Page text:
Internet Research Tips
Evaluating Internet Sources
One of the trickiest parts of using the Internet for research is figuring out if you've found a credible site or junk. If you need a reminder of what you should look for in a good site, check out this helpful Evaluating Internet Sources video tutorial.
Search engines are the way most of us search the Internet. Most search engines return not just websites but also maps, images, videos, and news related to your search terms.
Microsoft's search engine. A general search engine.
The world's most popular search engine. A general search engine.
A search engine just for US government websites.
A "computational knowledge engine." Wolfram Alpha is a little different from Google or Bing in that it specializes in data that can be computed, from something as simple as a currency conversion to something as complex as statistical demographic data. For an example of the kind of results you'll get with this search engine, see this search for Bend, Oregon.
Scholarly Search Engines
These search engines look specifically for academic literature. While they can be helpful, we recommend that you use the Library's databases to find scholarly literature. As a COCC student, faculty, or staff, you'll have the best experience with the Library's subscription databases, which we've selected especially to meet your needs. If you are confused by the Library's databases or just need a little help to use them more effectively, just contact us - that's what we're here for!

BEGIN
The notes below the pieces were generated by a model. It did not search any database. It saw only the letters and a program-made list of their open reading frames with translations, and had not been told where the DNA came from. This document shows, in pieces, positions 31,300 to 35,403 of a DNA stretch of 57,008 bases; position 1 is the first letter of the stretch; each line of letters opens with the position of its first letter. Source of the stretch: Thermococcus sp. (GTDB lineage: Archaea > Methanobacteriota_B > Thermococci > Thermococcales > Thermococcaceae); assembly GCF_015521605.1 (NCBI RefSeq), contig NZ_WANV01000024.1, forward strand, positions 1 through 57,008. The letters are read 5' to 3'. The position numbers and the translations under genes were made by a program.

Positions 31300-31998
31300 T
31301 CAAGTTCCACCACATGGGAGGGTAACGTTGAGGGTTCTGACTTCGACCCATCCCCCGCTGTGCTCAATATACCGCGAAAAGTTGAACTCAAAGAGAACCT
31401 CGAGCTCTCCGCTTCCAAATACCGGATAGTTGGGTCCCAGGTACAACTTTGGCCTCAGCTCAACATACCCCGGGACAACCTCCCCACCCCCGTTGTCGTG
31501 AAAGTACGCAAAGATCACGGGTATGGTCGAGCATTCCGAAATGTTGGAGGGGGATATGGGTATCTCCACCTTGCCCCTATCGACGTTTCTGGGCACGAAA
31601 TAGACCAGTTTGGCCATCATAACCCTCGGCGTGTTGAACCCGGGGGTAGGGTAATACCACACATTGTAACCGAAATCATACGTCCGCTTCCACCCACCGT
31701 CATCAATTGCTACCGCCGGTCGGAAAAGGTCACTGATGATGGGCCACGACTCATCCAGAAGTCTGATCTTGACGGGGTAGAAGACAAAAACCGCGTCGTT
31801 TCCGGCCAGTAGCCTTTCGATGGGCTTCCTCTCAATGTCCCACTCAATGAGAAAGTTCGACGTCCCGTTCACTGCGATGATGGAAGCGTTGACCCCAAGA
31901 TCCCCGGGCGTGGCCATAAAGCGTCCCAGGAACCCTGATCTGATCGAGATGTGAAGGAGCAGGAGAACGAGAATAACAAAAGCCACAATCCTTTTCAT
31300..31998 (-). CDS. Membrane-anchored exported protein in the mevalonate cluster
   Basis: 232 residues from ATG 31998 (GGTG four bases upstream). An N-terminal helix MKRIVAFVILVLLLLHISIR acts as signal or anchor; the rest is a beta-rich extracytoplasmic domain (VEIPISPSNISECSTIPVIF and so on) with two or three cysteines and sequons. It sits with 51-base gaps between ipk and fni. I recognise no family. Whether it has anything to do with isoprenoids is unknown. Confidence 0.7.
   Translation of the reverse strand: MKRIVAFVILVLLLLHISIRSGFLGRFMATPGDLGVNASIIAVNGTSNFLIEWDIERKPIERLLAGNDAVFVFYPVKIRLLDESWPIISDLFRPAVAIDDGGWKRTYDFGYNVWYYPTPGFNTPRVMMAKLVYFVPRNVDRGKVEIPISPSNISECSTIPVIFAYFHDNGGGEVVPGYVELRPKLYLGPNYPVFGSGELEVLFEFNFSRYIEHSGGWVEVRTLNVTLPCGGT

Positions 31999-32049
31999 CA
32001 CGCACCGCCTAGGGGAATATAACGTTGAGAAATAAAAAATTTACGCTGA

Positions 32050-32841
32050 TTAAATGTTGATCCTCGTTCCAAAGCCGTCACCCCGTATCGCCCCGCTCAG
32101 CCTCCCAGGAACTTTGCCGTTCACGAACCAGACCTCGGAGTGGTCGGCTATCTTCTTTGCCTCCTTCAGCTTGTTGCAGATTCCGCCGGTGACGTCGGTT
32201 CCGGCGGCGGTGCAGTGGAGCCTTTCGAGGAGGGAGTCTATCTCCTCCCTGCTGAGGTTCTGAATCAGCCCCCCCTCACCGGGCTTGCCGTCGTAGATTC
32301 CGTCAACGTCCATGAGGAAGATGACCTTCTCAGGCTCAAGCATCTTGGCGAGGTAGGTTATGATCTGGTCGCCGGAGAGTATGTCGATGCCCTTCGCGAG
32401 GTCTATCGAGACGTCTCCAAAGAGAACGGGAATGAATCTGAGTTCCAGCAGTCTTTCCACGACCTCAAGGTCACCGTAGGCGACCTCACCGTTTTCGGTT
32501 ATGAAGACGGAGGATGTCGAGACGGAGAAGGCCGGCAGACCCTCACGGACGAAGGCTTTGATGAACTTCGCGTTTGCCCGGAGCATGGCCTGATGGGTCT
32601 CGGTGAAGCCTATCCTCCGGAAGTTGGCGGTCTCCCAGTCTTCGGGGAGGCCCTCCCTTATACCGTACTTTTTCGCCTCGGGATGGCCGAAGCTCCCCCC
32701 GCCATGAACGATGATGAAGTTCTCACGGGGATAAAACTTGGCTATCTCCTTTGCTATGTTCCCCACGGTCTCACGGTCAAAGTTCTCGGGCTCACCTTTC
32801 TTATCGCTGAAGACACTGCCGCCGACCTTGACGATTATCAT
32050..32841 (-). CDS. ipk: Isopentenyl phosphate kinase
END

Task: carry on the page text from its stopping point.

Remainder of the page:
Searches for academic literature from journals, conferences, and other publications. Free full-text is sometimes available.
Microsoft Academic Search
Searches academic literature. Search by keyword, or browse by subject area, author, or publication. Free full-text is sometimes available.
Searches scientific resources on the web, including journal content, scientists' websites, courseware, institutional repositories, and more.
Directories are different from search engines in that they organize websites into groups by subject (called categories), providing an additional way you can access information. Benefits of directories are that they are often human-edited and may improve your overall search results. Also, if you don't know how to phrase your search, the category organization can help you find information. One disadvantage is that you have to watch out for out-of-date sites.
From the University of California, Riverside, InfoMine is a directory of scholarly resources on the Internet.
ipl2, formerly the Internet Public Library, is a directory of websites chosen by well-trained volunteers. Sites included in the ipl2 have been selected for their quality.
The first large-scale directory of the web. Yahoo! describes its directory as "a human-created and maintained collection of websites organized into categories and subcategories."
Ever wondered how a website has changed over time, or wanted to see websites from earlier years for historical purposes? These resources let you travel into the Internet's past.
Library of Congress Web Archives
The Library of Congress Web Archvies project has archived sites relating to significant events, such as the 9/11 attacks, US elections, and the Iraq War.
The Wayback Machine, from the Internet Archive, lets you see a particular website's development over time.